Summertime, and the living’s uneasy. Last season, Mad Men gave us an episode called “The Summer Man” that was set in late June of 1965 and saw Don Draper trying to get physically and emotionally healthy in the aftermath of a sobering shock: The death of Anna Draper, the real Don Draper’s widow, the woman that knew him (and accepted him) as Dick Whitman. That episode opened with the memorable moment of Don standing outside The New York Athletic Club, eyeballing the young folks strolling past him on the sidewalk, youth and the changing culture literally passing him by. The killer musical cue: “(I Can’t Get No) Satisfaction” by The Rolling Stones. ”I’m trying to gain a modicum of control over the way I feel,” Don said in voiceover, reading from his journal. ”I want to wake up. I don’t want to be that man.” Last night’s Mad Men – entitled “Tea Leaves” and helmed by star Jon Hamm – was set a little more than one year later, in July of 1966. Once again, the Stones were rocking the country (they had just released a new album, Aftermath), and once again, we got a story about a character presented with the challenge — or, more positively, opportunity — of making fundamental changes as a result of some identity-shattering news. This time: The former Mrs. Don Draper, Betty Francis. During a trip to the doctor to score some diet pills, she learned that she had a tumor on her thyroid. Gulp. Like Don, we all want to have — or like to think we actually possess — a modicum of control over our lives, and nothing subverts that illusion/delusion like a brush with death. Such was the case with Mrs. Henry Francis, although Betty had lost her sense of self-mastery long before her scary trip to the doctor. “Tea Leaves” provided her with an invitation to explore the reasons why — and she didn’t take it. Oh, well. Maybe a journal would have helped.
When we last saw Betty, she was saying goodbye to the house she once shared with Don… and was trying to tempt her ex-husband into making a pass at her. “Things aren’t perfect,” she said then of her relationship with Henry. What was she looking for from Don in that moment? A second chance? Proof from The Man that she still had that sexy-young “it” factor? Is Betty even self-aware enough to know what she wanted? Whatever: She got nothing. Now, eight months later, Betty’s intensifying ennui had become tangible and measurable. She had gained weight, and she was ashamed. The former model could no longer squeeze into her designer wardrobe. She wanted to hide away inside her Dark Shadows manor like a misunderstood monster terrified of exposure. She did not want to be seen on the arm of her increasingly prominent husband, Henry, who now worked for John Lindsay, the newly elected Republican mayor of New York City. His campaign slogan: “He is fresh while everyone is tired.” Betty wished that could be her truth, too. She also didn’t want to work for it. And so, while she waited for her fairy godmother to arrive and wave away her pumpkin body with a flick of wand, Betty spent her days watching The Andy Griffith Show and binging on Bugles. When is everything going to get back to normal? CRUNCH. FUN FACT! According to Wikipedia, Bugles were introduced nationwide in the current Mad Men year of 1966. The advertising included the tagline: “Suddenly… Snacks are in great shape!” If only Betty could feel the same. If only we had a culture that could actually, like, help us carry the weight of living instead goosing us to pile more on. [Addendum about Henry: The indirect dig at Mitt Romney via his father, former Michigan governor George Romney, went right over my head. Too busy Googling snack food ads during that part, I guess.]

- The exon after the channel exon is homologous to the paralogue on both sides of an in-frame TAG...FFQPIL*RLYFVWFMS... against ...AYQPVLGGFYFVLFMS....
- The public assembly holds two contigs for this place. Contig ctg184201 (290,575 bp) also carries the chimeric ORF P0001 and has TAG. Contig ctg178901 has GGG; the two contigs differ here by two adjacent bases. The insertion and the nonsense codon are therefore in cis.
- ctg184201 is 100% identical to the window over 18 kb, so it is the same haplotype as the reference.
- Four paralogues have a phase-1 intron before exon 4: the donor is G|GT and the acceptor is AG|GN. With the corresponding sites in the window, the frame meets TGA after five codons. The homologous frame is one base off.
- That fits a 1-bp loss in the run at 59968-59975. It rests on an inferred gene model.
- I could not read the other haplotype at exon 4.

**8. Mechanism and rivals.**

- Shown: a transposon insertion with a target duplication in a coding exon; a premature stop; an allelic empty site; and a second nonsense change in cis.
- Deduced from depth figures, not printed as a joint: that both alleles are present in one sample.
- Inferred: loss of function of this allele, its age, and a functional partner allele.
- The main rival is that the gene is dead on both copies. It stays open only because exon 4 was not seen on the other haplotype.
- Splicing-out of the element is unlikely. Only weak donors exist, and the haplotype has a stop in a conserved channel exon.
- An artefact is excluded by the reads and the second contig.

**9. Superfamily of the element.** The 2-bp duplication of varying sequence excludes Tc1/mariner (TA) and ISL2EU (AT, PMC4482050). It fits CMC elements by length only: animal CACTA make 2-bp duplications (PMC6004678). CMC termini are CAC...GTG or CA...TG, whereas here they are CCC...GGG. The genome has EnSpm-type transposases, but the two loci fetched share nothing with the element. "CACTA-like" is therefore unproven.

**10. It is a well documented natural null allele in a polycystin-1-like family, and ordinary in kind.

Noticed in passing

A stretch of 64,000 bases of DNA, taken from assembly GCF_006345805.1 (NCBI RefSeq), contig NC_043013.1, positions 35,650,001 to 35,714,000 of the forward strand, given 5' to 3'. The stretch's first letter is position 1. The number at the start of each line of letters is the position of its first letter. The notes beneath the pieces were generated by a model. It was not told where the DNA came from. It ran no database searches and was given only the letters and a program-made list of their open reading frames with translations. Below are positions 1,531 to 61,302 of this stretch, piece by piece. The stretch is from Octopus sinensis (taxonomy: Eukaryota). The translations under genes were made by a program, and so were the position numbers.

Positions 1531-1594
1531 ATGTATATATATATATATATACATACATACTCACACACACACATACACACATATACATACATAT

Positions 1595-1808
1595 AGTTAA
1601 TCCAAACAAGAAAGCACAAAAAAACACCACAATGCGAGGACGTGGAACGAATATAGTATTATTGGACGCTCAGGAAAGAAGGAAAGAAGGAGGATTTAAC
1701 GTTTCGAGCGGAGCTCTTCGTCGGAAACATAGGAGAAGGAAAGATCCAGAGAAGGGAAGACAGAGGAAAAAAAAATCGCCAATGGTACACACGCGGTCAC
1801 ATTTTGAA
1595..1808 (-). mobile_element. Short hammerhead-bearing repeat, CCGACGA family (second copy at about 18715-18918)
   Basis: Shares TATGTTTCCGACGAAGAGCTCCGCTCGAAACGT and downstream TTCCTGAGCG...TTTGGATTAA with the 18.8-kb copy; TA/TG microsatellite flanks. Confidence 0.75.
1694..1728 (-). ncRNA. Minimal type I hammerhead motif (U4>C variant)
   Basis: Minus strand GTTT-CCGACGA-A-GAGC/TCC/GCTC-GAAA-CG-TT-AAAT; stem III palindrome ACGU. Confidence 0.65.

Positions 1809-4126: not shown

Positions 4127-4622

Well-meaning Henry tried to assure Betty that he still saw the same beautiful trophy wife that he stole away from Don, the living reminder of his own slowly dawning obsolescence soul that he married. Maybe not the best strategy; such sentiment risks sending the message “I don’t care.” Betty needed to feel like someone actually gave a damn about her. Beginning with herself. She needed a tough love kick in the keister… though ideally not as tough as the one provided by Henry’s loveless, unlovable mother, Pauline, a flubby tub of toxicity that would give Norman Bates the chills. She never thought much of her replacement in Henry’s queasy psychopathology Betty (“I know what you see in her and you could have gotten it without marrying”), and she was becoming even less impressed with every pound Betty put on. Pauline believed that a fat frump in a plus-sized kettle-shaped frock just wasn’t a flattering accessory for her rising star son. So she pushed an insta-thin solution: Diet pills. Otherwise known as “speed” back then. “At my age, I don’t have to please men anymore. But you…?” Pauline let the question dangle and haunt. And as much as Betty tried to push back with brittle defiance, the woman just ran her over. The perilous Pauline + Rolling Stones + Diet Pills = “Mother’s Little Helper,” a track from that aforementioned just-released Aftermath album, a song Jagger/Richards wrote about pill-popping desperate housewives. What a drag it is getting old.
NEXT: The Lump.